Vitamin C Sources and Functions

Vitamin C Sources and Functions

Vitamin C, ascorbic acid, is the only water-soluble vitamin that is not a B vitamin. Here is a summary of the role of Vitamin C in your good health.

What it does Functions as a cofactor in formation of certain important compounds such as collagen; Defends the body against free radicals (antioxidant)
Daily needs [Infants*: 40-50 mg] [Children†: 15-75 mg] [Men: 90 mg]
[Women: 75 mg] [Pregnant: 85 mg] [Lactating: 120 mg]
Not enough Bleeding gums, Broken capillaries, Failure of wounds to heal, Muscle weakness, Joint Pain, Depression
Severe: Scurvy
Too Much Diarrhea, Nausea, Cramps, Headache, Fatigue (Upper limit established by USDA is 2000 mg)
Foods Citrus fruits, Bell peppers, Broccoli, Cabbage, Brussels sprouts, Strawberries, Potatoes, Papaya, Cantaloupe

*The lower value is for infants up to 6 mos., higher value is for infants up to a year old.
† The first value is for children 1-3 with the amount increasing until age 18.

Destroyed by Oxygen

Vitamin C is easily destroyed by oxygen, so fruits and vegetables, as well as fruit juices, should be stored in airtight containers and eaten as fresh as possible.

In general, people who live in developed countries like the United States get enough Vitamin C. However, those suffering from eating disorders or living in poverty may not be eating enough food to get sufficient Vitamin C in their diet.

Fun fact about Vitamin C Sources and Functions:  Once the importance of citrus fruits in the diet was known, sailors in the British navy were given lime juice to prevent scurvy. Thus they were often referred to as “limeys.”

Although citrus fruits are traditionally considered the best source of Vitamin C, vegetables, such as broccoli and potatoes also provide significant amounts of this important vitamin.

Caveat for Vitamin C Sources and Functions: Cigarette smokers and tobacco chewers are more susceptible to Vitamin C deficiency. This is also true of people who are regularly exposed to so-called “secondhand smoke.”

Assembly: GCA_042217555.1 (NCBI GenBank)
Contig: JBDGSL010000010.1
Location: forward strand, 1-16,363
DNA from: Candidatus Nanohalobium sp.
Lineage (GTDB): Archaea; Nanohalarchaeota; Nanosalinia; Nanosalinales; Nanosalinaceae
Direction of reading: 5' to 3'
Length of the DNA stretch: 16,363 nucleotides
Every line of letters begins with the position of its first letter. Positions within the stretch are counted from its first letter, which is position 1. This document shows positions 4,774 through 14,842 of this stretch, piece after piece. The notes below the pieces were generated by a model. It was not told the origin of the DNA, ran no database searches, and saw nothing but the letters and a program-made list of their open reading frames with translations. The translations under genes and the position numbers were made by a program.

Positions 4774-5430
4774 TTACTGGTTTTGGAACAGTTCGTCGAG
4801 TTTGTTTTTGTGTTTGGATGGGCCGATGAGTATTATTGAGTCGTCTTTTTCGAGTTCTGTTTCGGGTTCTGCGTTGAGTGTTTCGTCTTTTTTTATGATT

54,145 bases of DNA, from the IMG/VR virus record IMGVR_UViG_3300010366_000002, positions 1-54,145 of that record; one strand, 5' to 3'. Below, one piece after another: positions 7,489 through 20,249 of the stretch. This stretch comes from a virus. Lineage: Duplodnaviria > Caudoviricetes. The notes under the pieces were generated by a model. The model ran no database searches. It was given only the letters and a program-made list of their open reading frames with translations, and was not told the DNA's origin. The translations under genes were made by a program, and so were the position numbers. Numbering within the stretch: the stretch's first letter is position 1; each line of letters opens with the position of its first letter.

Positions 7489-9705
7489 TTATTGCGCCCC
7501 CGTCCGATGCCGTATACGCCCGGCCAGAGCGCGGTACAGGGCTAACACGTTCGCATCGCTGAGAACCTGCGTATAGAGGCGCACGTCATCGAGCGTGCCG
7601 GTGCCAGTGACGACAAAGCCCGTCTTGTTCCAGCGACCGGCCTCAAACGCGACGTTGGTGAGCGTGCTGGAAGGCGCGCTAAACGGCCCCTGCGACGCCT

Controversial vitamin

There has been a great deal of controversy surrounding Vitamin C, especially with regard to dosage and disease prevention. Nobel Prize winning scientist, Linus Pauling, suggested that Vitamin C was more than a vitamin, and recommended taking it to prevent or lessen the severity of the common cold.

It has also been implicated in the prevention and treatment of cancer and heart disease. However, there are conflicting studies regarding these issues, so from a scientific standpoint, the jury is still out.

Nevertheless, taking 500 mg of Vitamin C per day has been shown to help people with hardening of the arteries (atherosclerosis), heart pain (angina pectoris), high blood pressure and high cholesterol. Since this amount is far below the Upper Limit of 2000 mg, established recently by the USDA, taking 500 mg is probably not an issue with regard to toxicity.

May be drug interactions

There is some evidence that large doses (over 1000 mg) of Vitamin C will interfere with blood thinning drugs and will also interfere with some testing procedures. Any time you are taking prescription medication or going in for tests, you should inform your doctor and pharmacist of the supplements you are taking so that they can advise you regarding drug interactions.

It is always best to get your vitamins, including Vitamin C, from the foods you eat. However, many health experts recommend that you take a daily Vitamin C supplement of 400-500 mg to fill in the potential gaps in your diet.

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